Plus, the world has changed in the years since I started traveling. There used to be lots of Internet Cafes! Not any more! Most have gone out of business, as hand-helds and iphones became everyone’s right-arm-extensions. Also, I’d forgotten my passwords …….. You know the drill…… Manana became my themesong.
Ironically, arriving in Africa began the most-interesting portion of this four-year, around-the-world journey, so far. So, I’ll try to summarize here what I’ve been doing over the last few months; and then spend the next posts on details and photographs. That lost chunk of time covered Morocco, Spain, Crete and Athens,Greece; plus Central East Africa. Nairobi, Kenya in the luxurious Wildebeeste Eco Camp; as well as a weeklong safari into the Ngorongoro Crater of Tanzania. I attended a wonderful Maasai Wedding and Elderhood ceremony, with my cousin, Ben Parks and Karen Gaia Pitts, and we were considered part of the family, as Ben had sent the groom through college. He and Karen have been active in many ways within that Maasai community located in the Emburbul Crater. So, it was a very rare opportunity for me to join them. We hadn’t seen each other since high school and he was expecting to meet up with the “flaming redhead” of his recollections. Ha! Not when we’re both pushing eighty!
Now, I’m using the hostel computer to write this posting and I haven’t been able to view the videos I took during that visit. Technology is not “my best suite” but I shall persist and, hopefully, I should have some spectacular footage to share soon.
At the moment, I’m in the Lost and Found Hostel in Stone Town, Zanzibar; which is still a part of Tanzania, even though it’s an island off the coast. Next week, I’ll move to the town of Paje, and a swanky beach resort called Savannah and Oceans and I should have a little more workspace. These days, beach life and fabulous, fresh seafood are my lot. We, Americans, have no choice upon entering Tanzania, but to purchase a year-long, multi-entry visa for the country…. for $100, instead of the usual 3 months for $50 that most countries sell…. so I can take my own sweet time about moving on.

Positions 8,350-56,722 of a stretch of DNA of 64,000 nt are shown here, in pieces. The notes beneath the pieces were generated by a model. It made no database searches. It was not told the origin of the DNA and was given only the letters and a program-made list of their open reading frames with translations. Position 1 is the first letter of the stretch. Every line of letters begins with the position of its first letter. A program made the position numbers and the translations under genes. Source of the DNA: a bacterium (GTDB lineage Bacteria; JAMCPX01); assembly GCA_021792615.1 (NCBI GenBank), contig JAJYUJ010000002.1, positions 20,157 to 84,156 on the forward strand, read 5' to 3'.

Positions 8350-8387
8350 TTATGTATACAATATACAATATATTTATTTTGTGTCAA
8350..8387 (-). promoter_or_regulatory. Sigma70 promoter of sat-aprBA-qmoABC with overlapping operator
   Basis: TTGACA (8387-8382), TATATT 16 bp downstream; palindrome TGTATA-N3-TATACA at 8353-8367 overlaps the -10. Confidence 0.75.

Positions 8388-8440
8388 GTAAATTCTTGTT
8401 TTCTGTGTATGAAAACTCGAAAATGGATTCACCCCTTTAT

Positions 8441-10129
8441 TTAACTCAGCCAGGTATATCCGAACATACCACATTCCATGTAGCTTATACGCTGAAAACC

However, there are a few Vibes that I’m finding it rather hard to take in this location. This capital city is full of cheeky touts, who follow you in the street trying to sell something. They all speak English and will strike up a “friendly conversation” which soon gets down to business about the product in their hand or the taxi ride or tour they are selling. The only solution is to turn your nose in the air and ignore them; but I hate to act that way, so I tend not to walk around town as much as I’d like. Having people with me doesn’t make any difference. We are just more attractive as potential buyers.
The other Vibe is one that it took awhile to identify. Something here was simply “OFF.” I think that it’s probably caused by Zanzibar’s long history of being the Center of the Slave Trade out of this part of Africa: the shipping port, to which all slave routes led. There’s a slavery museum that opened my eyes. Some of the churches here are credited with finally putting a stop to it after centuries of capturing, torturing and selling people; but there’s, obviously, a whole lot of misery in bitter tears shed upon this soil.
Maybe my usual happy-go-lucky attitude will return when I continue my journey? World Travel is full of stuff like that! Sometimes!